The Road Ahead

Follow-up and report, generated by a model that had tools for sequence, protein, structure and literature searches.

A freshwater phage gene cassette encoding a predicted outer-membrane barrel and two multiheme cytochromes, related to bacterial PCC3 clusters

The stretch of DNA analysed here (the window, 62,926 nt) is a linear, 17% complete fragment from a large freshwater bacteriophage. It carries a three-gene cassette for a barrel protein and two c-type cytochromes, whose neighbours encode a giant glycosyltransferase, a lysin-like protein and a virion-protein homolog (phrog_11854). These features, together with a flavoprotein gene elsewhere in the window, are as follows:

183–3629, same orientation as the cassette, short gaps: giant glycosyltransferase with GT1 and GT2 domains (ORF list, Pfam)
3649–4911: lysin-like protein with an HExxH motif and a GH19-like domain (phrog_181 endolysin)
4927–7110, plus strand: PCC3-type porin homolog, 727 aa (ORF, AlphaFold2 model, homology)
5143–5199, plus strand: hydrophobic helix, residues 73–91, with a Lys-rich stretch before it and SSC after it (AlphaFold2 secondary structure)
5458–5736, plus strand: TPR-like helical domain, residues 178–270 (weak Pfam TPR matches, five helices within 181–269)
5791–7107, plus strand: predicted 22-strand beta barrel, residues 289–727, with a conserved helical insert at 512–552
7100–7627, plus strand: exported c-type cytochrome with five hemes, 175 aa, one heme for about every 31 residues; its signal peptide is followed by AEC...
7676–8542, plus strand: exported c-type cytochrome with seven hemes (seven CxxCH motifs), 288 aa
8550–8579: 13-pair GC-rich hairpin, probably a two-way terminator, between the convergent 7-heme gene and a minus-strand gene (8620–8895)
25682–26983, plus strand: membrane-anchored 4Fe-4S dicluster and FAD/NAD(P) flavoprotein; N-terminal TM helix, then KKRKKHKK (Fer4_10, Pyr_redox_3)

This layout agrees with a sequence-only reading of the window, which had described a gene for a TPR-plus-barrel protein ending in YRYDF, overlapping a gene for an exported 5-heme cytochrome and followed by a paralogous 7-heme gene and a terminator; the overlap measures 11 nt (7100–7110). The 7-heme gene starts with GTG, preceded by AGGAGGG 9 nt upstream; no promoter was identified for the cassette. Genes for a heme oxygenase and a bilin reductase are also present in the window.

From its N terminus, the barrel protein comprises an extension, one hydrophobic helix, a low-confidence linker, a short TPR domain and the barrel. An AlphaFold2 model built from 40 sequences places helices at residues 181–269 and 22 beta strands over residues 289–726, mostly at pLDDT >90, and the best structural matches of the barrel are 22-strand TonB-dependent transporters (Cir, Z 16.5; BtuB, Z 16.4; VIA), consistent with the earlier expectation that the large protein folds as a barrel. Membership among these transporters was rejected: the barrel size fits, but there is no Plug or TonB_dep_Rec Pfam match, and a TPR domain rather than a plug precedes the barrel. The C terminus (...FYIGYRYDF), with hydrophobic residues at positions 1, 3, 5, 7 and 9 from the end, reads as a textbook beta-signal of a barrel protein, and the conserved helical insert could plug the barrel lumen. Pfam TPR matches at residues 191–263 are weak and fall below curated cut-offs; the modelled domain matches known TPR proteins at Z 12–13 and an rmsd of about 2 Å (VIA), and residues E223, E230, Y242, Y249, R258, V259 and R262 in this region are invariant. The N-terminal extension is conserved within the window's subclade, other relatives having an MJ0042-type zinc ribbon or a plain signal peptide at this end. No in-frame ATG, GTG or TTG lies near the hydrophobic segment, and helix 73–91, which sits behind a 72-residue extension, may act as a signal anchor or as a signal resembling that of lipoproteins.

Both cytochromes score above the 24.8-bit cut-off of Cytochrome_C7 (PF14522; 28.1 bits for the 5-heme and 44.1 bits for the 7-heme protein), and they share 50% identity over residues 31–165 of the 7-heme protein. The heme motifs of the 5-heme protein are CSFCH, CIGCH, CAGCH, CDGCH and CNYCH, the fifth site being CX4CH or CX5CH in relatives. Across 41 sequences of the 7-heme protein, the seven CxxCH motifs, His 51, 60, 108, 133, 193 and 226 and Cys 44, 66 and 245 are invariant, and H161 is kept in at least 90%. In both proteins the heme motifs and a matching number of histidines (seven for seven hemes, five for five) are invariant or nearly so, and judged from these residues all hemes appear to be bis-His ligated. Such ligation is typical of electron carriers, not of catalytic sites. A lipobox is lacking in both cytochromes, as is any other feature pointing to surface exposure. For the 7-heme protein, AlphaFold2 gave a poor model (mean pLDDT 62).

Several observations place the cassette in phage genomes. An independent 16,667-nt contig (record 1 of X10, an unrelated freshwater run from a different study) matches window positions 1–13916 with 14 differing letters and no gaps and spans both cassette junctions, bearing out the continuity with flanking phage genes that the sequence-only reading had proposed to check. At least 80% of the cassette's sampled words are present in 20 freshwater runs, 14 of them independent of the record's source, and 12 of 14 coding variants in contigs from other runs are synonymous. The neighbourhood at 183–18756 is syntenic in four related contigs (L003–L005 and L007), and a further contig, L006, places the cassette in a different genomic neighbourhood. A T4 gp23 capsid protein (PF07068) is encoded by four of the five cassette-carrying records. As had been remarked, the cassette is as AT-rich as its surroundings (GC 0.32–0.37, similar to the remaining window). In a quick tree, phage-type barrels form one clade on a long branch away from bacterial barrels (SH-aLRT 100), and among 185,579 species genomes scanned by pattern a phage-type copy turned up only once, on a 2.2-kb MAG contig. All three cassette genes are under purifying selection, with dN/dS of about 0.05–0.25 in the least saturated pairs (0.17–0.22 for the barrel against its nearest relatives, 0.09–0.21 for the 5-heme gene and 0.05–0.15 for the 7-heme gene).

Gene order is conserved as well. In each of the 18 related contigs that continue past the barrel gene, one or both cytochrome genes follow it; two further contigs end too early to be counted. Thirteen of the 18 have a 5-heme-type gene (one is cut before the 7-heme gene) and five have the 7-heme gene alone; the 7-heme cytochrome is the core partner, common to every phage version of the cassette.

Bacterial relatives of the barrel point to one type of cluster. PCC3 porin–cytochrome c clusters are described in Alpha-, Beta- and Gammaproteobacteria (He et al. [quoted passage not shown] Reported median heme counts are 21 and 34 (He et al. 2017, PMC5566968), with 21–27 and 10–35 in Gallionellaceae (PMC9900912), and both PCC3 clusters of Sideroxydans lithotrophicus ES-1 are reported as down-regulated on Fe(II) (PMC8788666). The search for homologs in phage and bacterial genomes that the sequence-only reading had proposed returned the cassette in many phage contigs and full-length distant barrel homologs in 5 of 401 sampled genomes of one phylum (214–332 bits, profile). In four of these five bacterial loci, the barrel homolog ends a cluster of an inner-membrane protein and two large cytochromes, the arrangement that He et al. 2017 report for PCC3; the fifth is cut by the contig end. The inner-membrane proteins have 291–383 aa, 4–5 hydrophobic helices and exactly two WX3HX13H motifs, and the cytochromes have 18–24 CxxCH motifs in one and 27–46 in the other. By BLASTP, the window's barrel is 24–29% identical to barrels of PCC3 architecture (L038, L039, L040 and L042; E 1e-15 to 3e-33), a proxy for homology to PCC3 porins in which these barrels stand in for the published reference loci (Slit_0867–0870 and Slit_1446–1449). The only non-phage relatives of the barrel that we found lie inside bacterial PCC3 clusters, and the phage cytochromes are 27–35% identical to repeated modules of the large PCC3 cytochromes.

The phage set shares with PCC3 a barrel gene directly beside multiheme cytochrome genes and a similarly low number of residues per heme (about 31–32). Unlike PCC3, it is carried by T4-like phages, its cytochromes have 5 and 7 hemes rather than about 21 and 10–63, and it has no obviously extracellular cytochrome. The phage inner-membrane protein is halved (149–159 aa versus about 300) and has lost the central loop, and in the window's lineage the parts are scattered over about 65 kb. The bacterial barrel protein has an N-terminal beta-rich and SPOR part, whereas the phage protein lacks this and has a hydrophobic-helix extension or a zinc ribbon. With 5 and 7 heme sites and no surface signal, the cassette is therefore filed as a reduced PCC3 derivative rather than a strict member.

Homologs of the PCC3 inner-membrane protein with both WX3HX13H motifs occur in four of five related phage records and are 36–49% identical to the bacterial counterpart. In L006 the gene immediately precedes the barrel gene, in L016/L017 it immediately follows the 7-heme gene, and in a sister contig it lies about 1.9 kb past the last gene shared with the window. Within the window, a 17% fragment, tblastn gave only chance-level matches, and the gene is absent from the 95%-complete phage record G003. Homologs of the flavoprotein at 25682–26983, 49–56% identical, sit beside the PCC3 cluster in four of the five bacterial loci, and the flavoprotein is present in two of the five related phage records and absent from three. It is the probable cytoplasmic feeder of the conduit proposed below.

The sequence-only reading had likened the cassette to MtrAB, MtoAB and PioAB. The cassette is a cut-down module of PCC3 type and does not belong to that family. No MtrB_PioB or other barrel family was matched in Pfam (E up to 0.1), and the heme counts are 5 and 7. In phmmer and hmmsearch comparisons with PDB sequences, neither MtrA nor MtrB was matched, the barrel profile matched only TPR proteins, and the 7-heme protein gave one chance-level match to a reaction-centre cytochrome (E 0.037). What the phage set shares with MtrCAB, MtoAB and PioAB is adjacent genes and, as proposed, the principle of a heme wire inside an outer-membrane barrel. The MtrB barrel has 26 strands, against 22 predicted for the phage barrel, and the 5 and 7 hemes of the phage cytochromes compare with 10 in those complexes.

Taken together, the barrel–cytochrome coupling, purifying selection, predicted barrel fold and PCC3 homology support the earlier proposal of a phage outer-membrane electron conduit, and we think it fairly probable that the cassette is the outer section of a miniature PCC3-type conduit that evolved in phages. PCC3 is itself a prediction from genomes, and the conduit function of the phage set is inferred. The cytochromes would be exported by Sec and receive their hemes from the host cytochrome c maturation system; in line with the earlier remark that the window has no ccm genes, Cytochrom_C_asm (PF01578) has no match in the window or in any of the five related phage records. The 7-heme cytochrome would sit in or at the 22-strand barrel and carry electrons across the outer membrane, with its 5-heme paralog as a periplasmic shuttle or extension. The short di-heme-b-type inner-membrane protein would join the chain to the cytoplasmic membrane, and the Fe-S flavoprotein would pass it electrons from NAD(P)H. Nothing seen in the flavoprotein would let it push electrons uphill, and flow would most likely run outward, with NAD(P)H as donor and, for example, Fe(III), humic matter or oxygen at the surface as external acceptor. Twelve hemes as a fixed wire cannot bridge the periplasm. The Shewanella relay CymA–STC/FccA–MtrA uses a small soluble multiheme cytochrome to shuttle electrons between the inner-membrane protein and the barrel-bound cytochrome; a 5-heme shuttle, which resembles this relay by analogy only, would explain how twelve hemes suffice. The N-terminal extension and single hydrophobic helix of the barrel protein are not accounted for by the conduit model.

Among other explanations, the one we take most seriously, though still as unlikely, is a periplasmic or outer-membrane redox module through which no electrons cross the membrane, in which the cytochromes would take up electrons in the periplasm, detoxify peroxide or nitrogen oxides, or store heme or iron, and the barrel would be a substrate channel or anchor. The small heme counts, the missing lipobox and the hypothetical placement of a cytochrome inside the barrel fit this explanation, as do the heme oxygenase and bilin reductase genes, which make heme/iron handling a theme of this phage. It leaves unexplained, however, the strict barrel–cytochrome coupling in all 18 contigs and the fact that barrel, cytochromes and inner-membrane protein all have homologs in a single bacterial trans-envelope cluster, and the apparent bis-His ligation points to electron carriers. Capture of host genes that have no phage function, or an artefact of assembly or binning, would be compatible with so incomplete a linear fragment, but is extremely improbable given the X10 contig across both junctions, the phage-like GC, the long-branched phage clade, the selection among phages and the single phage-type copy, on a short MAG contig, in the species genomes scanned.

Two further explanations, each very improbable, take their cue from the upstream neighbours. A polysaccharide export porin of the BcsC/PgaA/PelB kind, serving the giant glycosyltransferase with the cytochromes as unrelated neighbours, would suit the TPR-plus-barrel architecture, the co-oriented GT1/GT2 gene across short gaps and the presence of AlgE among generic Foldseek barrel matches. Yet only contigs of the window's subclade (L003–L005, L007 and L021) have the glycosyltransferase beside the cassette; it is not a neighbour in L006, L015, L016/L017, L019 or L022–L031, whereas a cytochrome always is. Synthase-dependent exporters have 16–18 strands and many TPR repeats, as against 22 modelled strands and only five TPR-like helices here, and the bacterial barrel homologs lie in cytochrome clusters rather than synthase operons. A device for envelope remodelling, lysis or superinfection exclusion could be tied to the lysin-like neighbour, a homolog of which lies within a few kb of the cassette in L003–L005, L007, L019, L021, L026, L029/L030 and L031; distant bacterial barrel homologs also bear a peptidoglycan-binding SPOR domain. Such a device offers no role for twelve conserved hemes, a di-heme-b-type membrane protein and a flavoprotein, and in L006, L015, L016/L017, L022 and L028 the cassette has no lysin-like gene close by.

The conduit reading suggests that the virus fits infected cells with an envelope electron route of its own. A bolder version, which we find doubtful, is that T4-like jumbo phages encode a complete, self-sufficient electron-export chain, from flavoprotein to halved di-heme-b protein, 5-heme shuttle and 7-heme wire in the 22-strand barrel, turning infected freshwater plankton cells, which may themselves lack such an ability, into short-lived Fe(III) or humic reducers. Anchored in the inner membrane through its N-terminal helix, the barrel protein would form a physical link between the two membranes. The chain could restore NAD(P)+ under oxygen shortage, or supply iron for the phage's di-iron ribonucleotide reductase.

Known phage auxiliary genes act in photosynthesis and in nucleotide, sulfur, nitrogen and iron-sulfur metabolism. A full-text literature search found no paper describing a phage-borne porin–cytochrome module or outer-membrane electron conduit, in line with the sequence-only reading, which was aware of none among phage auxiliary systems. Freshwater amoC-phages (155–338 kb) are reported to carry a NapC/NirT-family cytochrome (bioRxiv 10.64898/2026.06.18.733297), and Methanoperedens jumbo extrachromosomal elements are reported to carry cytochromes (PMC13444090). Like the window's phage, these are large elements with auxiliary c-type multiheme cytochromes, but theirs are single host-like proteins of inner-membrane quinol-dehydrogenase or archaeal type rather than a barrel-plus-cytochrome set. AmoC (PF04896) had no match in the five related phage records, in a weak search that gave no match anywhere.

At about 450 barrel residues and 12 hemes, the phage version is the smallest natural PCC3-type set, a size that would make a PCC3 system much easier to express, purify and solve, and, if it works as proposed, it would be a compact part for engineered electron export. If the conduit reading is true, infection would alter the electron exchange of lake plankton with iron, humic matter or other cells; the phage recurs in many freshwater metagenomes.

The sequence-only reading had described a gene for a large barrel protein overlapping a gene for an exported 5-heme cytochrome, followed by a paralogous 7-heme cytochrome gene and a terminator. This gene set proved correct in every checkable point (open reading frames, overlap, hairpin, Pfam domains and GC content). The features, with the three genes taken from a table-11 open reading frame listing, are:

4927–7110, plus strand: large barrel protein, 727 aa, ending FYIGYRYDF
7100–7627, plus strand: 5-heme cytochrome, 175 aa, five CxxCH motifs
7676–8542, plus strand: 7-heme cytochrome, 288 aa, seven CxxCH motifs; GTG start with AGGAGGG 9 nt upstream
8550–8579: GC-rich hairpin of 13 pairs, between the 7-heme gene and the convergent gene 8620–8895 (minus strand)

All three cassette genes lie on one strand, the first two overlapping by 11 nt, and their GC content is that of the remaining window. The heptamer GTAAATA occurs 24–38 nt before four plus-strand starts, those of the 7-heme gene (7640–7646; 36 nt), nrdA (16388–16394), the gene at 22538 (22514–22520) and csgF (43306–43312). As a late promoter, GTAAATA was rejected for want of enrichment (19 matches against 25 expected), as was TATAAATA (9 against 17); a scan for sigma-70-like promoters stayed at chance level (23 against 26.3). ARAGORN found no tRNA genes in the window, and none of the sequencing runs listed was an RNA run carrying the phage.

Naturally, the key event of fiscal 2014 is the release of the 2nd installment of The Hunger Games, which will be released on November 22, 2013 (more detail on this later). However, this is far from Lionsgate's only growth driver. On September 19, Lionsgate announced a new co-distribution and co-financing deal with OddLot Entertainment, with Mordecai, starring Johnny Depp, being the first movie covered by the agreement. This deal expands upon the existing agreement between the two companies, which also covers Ender's Game and Draft Day. On the television side, the company has inked new agreements with FX for two new comedy series starring George Lopez and Kelsey Grammer. These shows build on the relationship between FX and Lionsgate, which currently covers Anger Management. FX has already booked 10 episodes of both series, and they are set to begin airing in early 2014 (as a reminder, Lionsgate's fiscal year ends in March). On the film side, Lionsgate is planning production of a sequel to Now You See Me, which has grossed over $322 million worldwide, on a production budget of $75 million. Lionsgate's specialty film business is also set for continued growth, with management forecasting 20% revenue growth for the business, which generated around $300 million in revenue in fiscal 2013. This business, which is managed in partnership with sister company Roadside Attractions, is set to release 6-8 movies this year, including All is Lost, which stars Robert Redford in his first starring role since 2007. Despite consisting of mostly under-the-radar movies, this business is a profitable part of Lionsgate's overall motion picture division. We note that Mud, one of the movies in this business, has grossed over $21.5 million this year, and management has stated that this is the highest grossing independent movie of the year.